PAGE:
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Gold, Debt and the War on Cash

By Rich Checkan

Those of you who read my interview with gold analyst and fund manager for Incrementum AG, Ronald-Peter Stoeferle, are familiar with his yearly report, In Gold we Trust 2015.

Using the principles of the Austrian School of Economics, in which he is an author and thought leader, Mr. Stoeferle makes the bold conclusion that gold “is in a secular bull market close to making a comeback.” He sees a long term price target of $2,300 by 2018.

From time to time, ASI will summarize sections of this most significant report which includes dozens of original charts, economic analysis, summaries and conclusions.

And, at the end of today’s excerpt, we draw a few conclusions of our own as to what to do today to take advantage of what the current market is giving us…

--Rich Checkan

We begin with the very real possibility of stealth taxation and negative interest rates as a war on savings.

2015 is the first time since the early 1940’s that U.S. national debt exceeds economic output as measured by our GNP. Such massive over-indebtedness is leading to government strategies very dangerous to our economic health:

  • Increasing taxation as a payment resource
  • Keeping interest rates low to cheaply refinance massive debt
  • Moving to a cashless economy to eliminate privacy and to more easily monitor and access citizen wealth

A highly indebted country can stand at the abyss for years until circumstances push them into the depths of a crisis.

Government revenues come from one primary source, taxation of its people. A government can calculate the nexus between its debt service, tax base and interest rates to manipulate all three. This chart shows you the connection between government debt and tax revenues.


In Gold We Trust Chart F


Increasing Longevity Forces Governments to Increase National Debt and Taxation.

Governments struggle to fund old age entitlement programs as fewer workers pay in. A leading example is Japan, a country with an impressively aging demographic. The United Nations estimates Japan's dependency ratio (people paying into as compared to people collecting from a government pension system) as 80/100 by 2050. The dependency ratio in Germany is already 50/50. In the U.S., according the Census Bureau, the ratio is also near 50/50 and heading higher.*

Ironically, lower rates, designed to help governments borrow cheaply to fund retirement programs, particularly hurt an aging population who must drastically cut back on spending to make money last. Statistics show younger generations are likewise not using savings for investment, but rather acquiring debt to leverage acquisitions.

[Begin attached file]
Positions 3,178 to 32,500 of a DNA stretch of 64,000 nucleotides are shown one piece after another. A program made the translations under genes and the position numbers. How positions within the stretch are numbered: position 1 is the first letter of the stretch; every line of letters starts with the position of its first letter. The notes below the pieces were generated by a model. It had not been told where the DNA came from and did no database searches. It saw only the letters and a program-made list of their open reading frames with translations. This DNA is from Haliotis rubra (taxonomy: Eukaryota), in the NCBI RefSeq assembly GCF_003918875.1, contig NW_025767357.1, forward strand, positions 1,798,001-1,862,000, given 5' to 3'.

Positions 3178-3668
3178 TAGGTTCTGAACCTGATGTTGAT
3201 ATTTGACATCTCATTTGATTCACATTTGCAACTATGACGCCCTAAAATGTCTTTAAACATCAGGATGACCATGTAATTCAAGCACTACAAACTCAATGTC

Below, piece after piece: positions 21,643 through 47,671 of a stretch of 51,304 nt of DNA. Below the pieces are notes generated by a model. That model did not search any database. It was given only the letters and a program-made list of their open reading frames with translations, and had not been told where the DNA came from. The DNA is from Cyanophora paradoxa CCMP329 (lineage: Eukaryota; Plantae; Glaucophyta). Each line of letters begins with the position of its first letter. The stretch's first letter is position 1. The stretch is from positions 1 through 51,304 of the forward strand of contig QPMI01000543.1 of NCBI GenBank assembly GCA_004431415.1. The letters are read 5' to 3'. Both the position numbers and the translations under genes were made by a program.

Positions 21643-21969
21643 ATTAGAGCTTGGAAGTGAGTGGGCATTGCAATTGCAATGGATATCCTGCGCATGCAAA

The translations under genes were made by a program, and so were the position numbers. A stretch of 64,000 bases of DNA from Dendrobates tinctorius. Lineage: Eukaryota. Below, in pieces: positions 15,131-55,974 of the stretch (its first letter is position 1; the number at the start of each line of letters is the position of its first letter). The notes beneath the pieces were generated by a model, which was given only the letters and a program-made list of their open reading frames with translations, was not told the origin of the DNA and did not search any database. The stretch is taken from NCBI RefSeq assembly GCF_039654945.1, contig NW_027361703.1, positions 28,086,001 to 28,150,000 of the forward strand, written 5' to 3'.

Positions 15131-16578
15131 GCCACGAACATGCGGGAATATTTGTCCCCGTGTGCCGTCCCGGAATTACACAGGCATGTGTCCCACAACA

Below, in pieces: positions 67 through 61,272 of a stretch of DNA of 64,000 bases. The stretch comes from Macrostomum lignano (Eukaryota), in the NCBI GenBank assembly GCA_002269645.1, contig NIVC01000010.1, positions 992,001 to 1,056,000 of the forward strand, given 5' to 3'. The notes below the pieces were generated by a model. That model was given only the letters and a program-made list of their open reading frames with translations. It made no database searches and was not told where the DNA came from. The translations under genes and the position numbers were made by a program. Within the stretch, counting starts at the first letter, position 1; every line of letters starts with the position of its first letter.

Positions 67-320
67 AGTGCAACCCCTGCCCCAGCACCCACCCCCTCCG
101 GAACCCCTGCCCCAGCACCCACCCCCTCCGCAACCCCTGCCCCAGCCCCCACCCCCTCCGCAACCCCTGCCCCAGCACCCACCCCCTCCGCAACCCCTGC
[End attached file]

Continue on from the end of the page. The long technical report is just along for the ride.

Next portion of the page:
All of this portends greater taxation with economic slowdown as the resources required for capital formation contract. A self sustaining recovery seems unlikely.

Low Rates Create a War on Savings: 25 Central Banks Lowered Their Base Interest Rate in the Past Year.

Under a regime of ‘financial repression’ savers become the guarantors of the state through repressive wealth transfer policies. According to a Swiss RE study, U.S. savers lost $470 billion between 2008-2013 due to low rates, amounting to a virtual penalty of .8% on financial assets.

What’s worse, a low-rate Fed policy is only a band aid that makes it possible for the government to avoid urgently needed structural reforms which would permanently cure its over indebtedness.

Among the many unintended consequences of ‘financial repression’ is the potential for speculative bubbles, and most significantly, the disincentive to save. This makes further capital investing and future economic growth impossible.

Some leading economists agree with the war on savings. Their reasoning, if you penalize or abolish cash, you pave the way for investment stimulus. Harvard's Larry Summers, a former U.S. Secretary of the Treasury, argued before an International Money Fund Research Conference in favor of negative interest rates to dissuade savings.

The Handmaiden of the War on Savings is the War on Cash.

A cashless economy will increase the government’s power to easily monitor taxation and control our private assets. It is the last hurdle to negative interest rates. The war on cash and the war on savings are couched in terms of ‘infrastructure levy’, or a ‘millionaire’s tax,’ and other palatable euphemisms.

The great hidden danger here is banks with thin reserve margins will be rewarded as there would be no danger of collapse if cash withdrawals are massive. These and other objections are deemed ‘negligible’ by the cash abolitionists.

The Impact on Gold Prices

As his report’s title implies, gold is the asset you can trust. Gold is true wealth. It is the savior in times of deep economic crisis, which Mr. Stoeferle sees coming. That alone makes the case for rising gold prices. But, there is more. In our next monograph we will look at the issue of inflation and how it portends an increase in gold prices.

In the meantime, we see a fantastic opportunity shaping up here to acquire your much needed wealth insurance. We just recently wrote about the Gold / Silver Ratio (GSR). Take a look at what we said and why we believe you have an opportunity to buy some on the cheap right now.

Then, give strong consideration to using Perth Mint Certificates to make your acquisitions. In this environment, it is extremely difficult to find a better product to add gold, silver and platinum to your portfolio.

Call us today at 800-831-0007, or send us an email. We look forward to helping you Keep What’s Yours!

*Source: The World Bank

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